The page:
This article originally appeared in the March 2017 Social Issues edition of The Underground.
U of T is often touted as a beacon of light when it comes to diversity, but that diversity is not reflected in the teaching staff.
When I’m not writing and editing articles for The Underground, I work as a hospitality worker for UTSG’s catering company, St. George Catering. In addition to setting up the event spaces and serving food, I spend a fair amount of time at work observing the people attending these events. People-watching is particularly interesting around the end of the Fall and Spring semesters, as many of the events I work for are celebratory outings for faculties and staff. Being that they’re professors employed by the University of Toronto, they are supposedly among the world’s brightest minds in their respective fields, so it’s interesting observing them congregate away from their usual habitat of offices or lecterns. One thing I’ve noticed is that, despite their prestige, they’re no different than the rest of us. They make messes, they get tipsy and cause a ruckus, they take bigger portions than they’re supposed to﹘ the usual. Another thing I’ve noticed is how few of them are black. There’s usually one or none; and if I’m lucky, there’ll be a couple racially-ambiguous people who might be black.
A 2012 study by the Canadian Ethnic Studies Association revealed that visible minorities are underrepresented in the teaching staff at 14 of 17 major universities, even though 24 percent of visible minorities have a Ph.D. Huda Hassan, a Ph.D. student in women and gender studies at UofT, began offering help to black women completing their grad school applications free-of-charge to pay forward those who had helped her when she was first applying for her graduate degrees. Another motivation for Hassan was seeing more black faces in the realm of academia.
“There’s an issue of diversity in academia and there’s definitely an issue of seeing black folk in academia,” Hassan tells Metro News Toronto. “I don’t think that’s a commentary on black folks. That’s a commentary on the academy.”
The lack of diversity among U of T’s teaching staff is not reflective of its student population. According to a 2014 survey, nearly 60 percent of all U of T students identify as “non-white”. Both staff and students are aware of the lack of diversity among the university’s faculty members according to one professor. “I’ve had numerous students tell me I’m the first female faculty member of colour they’ve had here from students who’ve been here for 3-4 years,” Rachel La Touche explains. La Touche is a sociology professor at UTSG and believes that diversity is hugely important when it comes to university for a variety of reasons.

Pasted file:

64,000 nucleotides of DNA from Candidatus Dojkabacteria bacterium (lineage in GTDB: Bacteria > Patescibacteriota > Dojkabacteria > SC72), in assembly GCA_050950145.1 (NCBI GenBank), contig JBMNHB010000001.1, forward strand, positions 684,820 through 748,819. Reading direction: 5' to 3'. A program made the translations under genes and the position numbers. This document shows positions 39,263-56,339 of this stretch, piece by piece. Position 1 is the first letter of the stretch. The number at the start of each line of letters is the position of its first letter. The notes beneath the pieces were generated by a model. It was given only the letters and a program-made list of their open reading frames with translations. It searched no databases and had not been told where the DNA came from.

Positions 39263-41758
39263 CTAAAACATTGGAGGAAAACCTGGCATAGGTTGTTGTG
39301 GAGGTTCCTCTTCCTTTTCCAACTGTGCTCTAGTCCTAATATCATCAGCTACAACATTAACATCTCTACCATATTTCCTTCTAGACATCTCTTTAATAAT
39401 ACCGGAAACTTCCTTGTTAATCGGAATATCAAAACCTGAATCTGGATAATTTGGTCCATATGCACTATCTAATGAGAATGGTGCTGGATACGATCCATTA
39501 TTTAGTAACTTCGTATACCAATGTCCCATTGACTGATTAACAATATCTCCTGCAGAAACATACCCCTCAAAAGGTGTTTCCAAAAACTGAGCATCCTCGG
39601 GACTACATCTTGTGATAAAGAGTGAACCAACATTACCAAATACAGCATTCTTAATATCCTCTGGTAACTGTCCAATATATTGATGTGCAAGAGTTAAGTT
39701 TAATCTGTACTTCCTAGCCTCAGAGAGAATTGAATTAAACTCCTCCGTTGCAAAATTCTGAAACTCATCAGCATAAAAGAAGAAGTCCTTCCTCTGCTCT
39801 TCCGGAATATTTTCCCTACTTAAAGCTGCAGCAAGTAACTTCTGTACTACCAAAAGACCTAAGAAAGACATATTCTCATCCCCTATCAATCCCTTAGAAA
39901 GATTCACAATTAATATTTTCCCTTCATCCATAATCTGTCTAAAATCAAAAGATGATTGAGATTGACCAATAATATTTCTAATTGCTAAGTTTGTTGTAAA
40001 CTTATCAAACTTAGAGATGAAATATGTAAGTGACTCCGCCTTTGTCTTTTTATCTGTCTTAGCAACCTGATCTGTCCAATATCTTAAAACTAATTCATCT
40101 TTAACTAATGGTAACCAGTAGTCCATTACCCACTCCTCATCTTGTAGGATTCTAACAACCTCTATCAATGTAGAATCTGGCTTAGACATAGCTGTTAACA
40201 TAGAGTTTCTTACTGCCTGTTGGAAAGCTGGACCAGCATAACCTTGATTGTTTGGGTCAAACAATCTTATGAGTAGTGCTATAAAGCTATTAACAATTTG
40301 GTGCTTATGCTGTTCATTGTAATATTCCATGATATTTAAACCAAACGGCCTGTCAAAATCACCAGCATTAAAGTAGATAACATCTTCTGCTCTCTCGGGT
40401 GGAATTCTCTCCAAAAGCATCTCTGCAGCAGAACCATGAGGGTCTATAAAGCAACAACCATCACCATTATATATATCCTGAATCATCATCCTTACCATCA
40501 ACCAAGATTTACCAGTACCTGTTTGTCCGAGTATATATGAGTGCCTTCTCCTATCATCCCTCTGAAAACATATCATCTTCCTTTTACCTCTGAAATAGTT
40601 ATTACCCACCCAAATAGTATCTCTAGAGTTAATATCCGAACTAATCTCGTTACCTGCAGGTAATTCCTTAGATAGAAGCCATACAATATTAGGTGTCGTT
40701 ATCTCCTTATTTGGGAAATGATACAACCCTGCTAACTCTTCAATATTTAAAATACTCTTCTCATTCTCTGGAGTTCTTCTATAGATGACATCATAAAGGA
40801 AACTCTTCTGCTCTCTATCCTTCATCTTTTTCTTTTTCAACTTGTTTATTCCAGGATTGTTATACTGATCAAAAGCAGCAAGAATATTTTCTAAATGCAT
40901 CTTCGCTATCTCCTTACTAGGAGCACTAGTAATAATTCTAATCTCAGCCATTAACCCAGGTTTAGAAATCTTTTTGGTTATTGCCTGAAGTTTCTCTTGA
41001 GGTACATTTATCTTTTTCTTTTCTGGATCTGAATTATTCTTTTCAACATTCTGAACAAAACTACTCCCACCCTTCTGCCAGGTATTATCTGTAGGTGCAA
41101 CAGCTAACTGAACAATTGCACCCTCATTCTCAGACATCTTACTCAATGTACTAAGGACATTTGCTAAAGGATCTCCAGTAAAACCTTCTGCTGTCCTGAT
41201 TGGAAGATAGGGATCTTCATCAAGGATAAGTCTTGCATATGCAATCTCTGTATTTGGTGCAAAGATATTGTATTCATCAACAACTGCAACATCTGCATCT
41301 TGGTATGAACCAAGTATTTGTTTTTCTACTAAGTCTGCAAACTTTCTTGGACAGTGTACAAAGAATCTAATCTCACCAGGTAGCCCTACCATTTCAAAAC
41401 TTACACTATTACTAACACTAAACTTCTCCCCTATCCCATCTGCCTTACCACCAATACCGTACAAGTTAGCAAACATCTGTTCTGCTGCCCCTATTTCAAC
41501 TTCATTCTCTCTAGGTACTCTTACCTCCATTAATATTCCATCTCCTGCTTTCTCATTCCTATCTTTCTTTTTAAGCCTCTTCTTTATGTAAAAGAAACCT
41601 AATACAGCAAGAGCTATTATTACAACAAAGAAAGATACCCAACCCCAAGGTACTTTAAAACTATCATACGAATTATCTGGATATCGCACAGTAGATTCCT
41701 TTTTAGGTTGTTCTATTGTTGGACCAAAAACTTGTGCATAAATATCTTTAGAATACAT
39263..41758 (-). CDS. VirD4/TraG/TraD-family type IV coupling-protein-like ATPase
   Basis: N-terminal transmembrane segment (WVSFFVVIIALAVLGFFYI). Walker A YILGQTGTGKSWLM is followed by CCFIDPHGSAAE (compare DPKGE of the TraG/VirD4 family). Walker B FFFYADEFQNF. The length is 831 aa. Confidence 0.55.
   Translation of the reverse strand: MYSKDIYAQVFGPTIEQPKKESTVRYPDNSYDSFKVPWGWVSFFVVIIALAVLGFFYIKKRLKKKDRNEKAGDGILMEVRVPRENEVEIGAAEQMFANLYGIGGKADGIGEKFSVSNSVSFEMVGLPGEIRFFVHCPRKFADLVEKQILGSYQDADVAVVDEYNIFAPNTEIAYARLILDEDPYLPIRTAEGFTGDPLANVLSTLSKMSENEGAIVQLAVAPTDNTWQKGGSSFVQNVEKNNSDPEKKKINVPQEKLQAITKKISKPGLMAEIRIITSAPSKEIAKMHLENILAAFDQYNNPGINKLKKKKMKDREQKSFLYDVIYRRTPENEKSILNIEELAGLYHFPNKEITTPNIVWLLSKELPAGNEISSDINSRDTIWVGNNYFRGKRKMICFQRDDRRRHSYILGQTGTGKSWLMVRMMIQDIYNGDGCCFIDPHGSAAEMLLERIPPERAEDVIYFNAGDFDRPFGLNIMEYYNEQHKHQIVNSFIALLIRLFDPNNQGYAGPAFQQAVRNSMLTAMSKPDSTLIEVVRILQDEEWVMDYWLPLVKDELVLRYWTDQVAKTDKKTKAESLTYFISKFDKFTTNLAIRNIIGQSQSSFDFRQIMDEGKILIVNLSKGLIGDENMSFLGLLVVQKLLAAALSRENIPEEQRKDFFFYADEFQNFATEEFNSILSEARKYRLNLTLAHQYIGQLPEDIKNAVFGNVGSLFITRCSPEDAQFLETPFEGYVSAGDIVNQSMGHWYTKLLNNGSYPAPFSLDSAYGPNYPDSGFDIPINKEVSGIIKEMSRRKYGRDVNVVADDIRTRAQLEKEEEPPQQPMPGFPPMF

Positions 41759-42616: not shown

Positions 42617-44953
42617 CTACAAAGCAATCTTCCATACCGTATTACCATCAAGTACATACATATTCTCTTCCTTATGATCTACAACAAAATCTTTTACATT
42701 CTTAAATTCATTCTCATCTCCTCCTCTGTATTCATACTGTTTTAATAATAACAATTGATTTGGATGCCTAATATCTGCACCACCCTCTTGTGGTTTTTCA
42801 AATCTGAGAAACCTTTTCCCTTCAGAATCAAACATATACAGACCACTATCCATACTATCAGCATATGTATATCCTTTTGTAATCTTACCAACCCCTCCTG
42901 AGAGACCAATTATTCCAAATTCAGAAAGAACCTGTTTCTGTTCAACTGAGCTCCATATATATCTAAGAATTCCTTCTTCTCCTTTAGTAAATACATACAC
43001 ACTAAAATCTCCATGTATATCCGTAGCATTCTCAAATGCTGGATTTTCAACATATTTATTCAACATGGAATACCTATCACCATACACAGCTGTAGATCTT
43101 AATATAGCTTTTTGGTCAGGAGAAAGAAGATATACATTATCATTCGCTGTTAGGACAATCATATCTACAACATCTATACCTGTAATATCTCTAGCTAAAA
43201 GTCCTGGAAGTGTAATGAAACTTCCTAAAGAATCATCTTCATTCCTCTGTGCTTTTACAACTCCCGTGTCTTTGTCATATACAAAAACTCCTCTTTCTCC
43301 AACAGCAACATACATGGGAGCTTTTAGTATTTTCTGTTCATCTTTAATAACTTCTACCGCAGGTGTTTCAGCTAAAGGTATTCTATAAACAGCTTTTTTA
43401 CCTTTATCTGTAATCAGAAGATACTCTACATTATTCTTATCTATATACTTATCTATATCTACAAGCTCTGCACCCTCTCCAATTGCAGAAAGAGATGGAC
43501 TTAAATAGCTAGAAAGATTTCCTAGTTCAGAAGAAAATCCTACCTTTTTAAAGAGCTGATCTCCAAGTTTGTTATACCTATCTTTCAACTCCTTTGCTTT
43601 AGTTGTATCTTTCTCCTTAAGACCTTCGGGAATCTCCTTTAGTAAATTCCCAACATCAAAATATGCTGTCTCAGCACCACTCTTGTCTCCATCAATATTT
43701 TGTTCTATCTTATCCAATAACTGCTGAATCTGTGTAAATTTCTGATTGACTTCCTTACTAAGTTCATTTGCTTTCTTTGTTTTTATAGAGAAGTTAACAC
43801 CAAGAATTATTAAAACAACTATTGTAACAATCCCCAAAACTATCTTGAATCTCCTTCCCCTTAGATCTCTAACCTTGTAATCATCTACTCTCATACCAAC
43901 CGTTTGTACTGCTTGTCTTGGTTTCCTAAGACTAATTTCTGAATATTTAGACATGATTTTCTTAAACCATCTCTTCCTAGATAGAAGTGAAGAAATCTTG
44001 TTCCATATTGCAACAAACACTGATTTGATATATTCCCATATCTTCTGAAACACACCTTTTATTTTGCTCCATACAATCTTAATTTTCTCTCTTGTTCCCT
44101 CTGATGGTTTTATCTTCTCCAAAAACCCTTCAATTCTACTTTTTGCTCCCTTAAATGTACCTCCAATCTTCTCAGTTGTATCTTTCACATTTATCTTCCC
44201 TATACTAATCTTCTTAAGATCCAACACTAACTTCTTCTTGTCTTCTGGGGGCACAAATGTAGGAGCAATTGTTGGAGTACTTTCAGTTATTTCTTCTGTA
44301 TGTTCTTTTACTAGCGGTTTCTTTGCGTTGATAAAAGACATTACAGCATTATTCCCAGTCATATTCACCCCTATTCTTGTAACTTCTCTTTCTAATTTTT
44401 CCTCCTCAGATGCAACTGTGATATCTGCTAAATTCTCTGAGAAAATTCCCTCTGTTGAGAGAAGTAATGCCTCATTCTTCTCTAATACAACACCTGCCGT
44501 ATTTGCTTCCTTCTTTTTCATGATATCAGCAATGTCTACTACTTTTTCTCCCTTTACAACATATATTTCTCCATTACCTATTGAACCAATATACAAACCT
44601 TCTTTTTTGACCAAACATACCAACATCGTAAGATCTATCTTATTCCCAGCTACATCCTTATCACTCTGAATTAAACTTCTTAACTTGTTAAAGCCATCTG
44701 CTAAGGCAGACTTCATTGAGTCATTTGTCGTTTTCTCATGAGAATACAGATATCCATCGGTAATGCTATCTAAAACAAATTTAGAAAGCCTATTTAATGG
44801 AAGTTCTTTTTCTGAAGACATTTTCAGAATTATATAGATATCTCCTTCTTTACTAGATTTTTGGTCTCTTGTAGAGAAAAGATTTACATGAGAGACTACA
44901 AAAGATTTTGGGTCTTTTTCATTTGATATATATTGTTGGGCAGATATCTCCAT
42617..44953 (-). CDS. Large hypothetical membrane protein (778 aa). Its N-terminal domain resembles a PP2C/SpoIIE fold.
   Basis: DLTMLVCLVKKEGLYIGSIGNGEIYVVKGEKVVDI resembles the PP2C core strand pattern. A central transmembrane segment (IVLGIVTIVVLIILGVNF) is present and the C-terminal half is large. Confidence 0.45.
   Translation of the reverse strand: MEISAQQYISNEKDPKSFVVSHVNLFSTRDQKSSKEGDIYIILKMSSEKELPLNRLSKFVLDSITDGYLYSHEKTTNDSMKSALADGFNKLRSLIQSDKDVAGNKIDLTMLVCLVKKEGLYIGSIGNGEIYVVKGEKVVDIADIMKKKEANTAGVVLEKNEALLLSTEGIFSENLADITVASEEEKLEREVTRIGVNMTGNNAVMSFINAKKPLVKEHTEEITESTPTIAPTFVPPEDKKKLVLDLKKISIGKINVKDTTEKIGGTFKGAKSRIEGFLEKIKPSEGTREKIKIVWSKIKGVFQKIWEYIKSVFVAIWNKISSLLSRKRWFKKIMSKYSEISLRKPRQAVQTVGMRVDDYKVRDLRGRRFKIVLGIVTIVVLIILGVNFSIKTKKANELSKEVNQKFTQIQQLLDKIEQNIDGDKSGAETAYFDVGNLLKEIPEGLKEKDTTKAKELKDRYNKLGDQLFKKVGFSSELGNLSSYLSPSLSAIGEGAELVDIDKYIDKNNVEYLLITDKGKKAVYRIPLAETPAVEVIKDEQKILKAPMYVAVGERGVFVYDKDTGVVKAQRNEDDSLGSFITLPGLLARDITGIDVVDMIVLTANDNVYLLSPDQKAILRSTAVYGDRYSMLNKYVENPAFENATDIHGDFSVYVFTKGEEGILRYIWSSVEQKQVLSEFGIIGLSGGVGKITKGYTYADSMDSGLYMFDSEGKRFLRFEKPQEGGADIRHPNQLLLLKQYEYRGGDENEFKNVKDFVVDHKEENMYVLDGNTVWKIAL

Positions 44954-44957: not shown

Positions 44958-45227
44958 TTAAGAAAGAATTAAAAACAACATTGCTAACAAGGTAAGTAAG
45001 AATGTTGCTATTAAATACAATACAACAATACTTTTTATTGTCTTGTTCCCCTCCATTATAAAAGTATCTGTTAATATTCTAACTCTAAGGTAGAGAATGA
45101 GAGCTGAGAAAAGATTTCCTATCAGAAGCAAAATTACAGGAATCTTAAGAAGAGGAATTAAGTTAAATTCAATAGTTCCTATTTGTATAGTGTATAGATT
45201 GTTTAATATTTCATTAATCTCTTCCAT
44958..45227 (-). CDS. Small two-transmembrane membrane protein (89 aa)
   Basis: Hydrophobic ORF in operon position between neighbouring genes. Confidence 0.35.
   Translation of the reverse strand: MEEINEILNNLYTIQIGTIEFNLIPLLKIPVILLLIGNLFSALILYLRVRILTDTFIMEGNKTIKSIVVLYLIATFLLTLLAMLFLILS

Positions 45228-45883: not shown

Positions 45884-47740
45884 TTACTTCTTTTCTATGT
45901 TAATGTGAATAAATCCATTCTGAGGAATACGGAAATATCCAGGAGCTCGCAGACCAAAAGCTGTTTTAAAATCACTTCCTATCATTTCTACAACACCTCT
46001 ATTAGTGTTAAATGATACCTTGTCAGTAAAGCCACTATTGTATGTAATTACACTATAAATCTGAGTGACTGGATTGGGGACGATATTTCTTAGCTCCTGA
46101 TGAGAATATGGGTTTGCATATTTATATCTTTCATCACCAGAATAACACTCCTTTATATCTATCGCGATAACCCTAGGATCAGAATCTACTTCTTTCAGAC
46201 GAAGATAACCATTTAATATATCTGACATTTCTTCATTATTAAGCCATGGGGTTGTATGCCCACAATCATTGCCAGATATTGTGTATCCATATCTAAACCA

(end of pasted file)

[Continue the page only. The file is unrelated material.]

Having faces that look like yours isn’t the most important issue regarding diversity, however, La Touche believes that it does matter: “For students who are interested in pursuing higher education but perhaps note that it doesn’t seem like a place for them because they don’t see anyone who looks like them in those institutions,” she says. Diversity also means representing a variety of ideas and perspectives, which is particularly important in academia. Recall the story of U of T English professor David Gilmour who said he was “not interested in teaching books by women” or “Chinese authors” because they don’t resonate with him on a personal level. Gilmour has the right to instruct his class as he sees fit and, while he may not identify with the works of female or Chinese authors, students in his class might, but these students won’t have their experiences reflected in the curriculum because they are not reflected in the staff.
A strong sense of community is especially important to Indigenous students, according to Jonathan Hamilton-Diabo, director of the First Nations House at U of T. Hamilton-Diabo likens the FNH to a community centre where Indigenous students can receive academic support and advice, financial support, library access, connect with elders and other drop-in services: “Whatever the issue is, we want them to open up and get to know us too. And that’s a very important part of our process; building that relationship, making sure they’re understood and that helps us respond to them,” Hamilton-Diabo explains. A community of support is important because “students are in programs and sometimes they’re the only ones representing the Indigenous community so they feel alone. It can be difficult for them to connect with other students, the faculty or what they’re studying, but just finding students with similar experiences can actually help” he adds.
As the city — and the world — grows increasingly diverse, so does the importance of having equal representation in different areas of life. The Honorable Jean Augustine is Canada’s first black female Member of Parliament and one of the people responsible for getting February recognized as Black History Month in Canada. Augustine believes that more representation and inclusion can lead to progress on issues facing marginalized peoples, particularly when it comes to people in decision-making positions. Seeing people who are similar to you in these positions can also be a source of inspiration too: “If you can’t see yourself there, it becomes harder to get there,” Augustine states.
There have been times at work where I’ve thought that becoming a prof is an unreachable goal. There have been times at work where I’ve thought that I need to become a prof just so that some black student 10-15 years from now doesn’t have to feel the same way that I did. Inclusion and representation give children someone to look up to, someone like them, someone to give them permission to have and pursue their dreams. Role models give us goals to reach and paths to follow, but if there isn’t a path already outlined for you, don’t be afraid to blaze a trail of your own.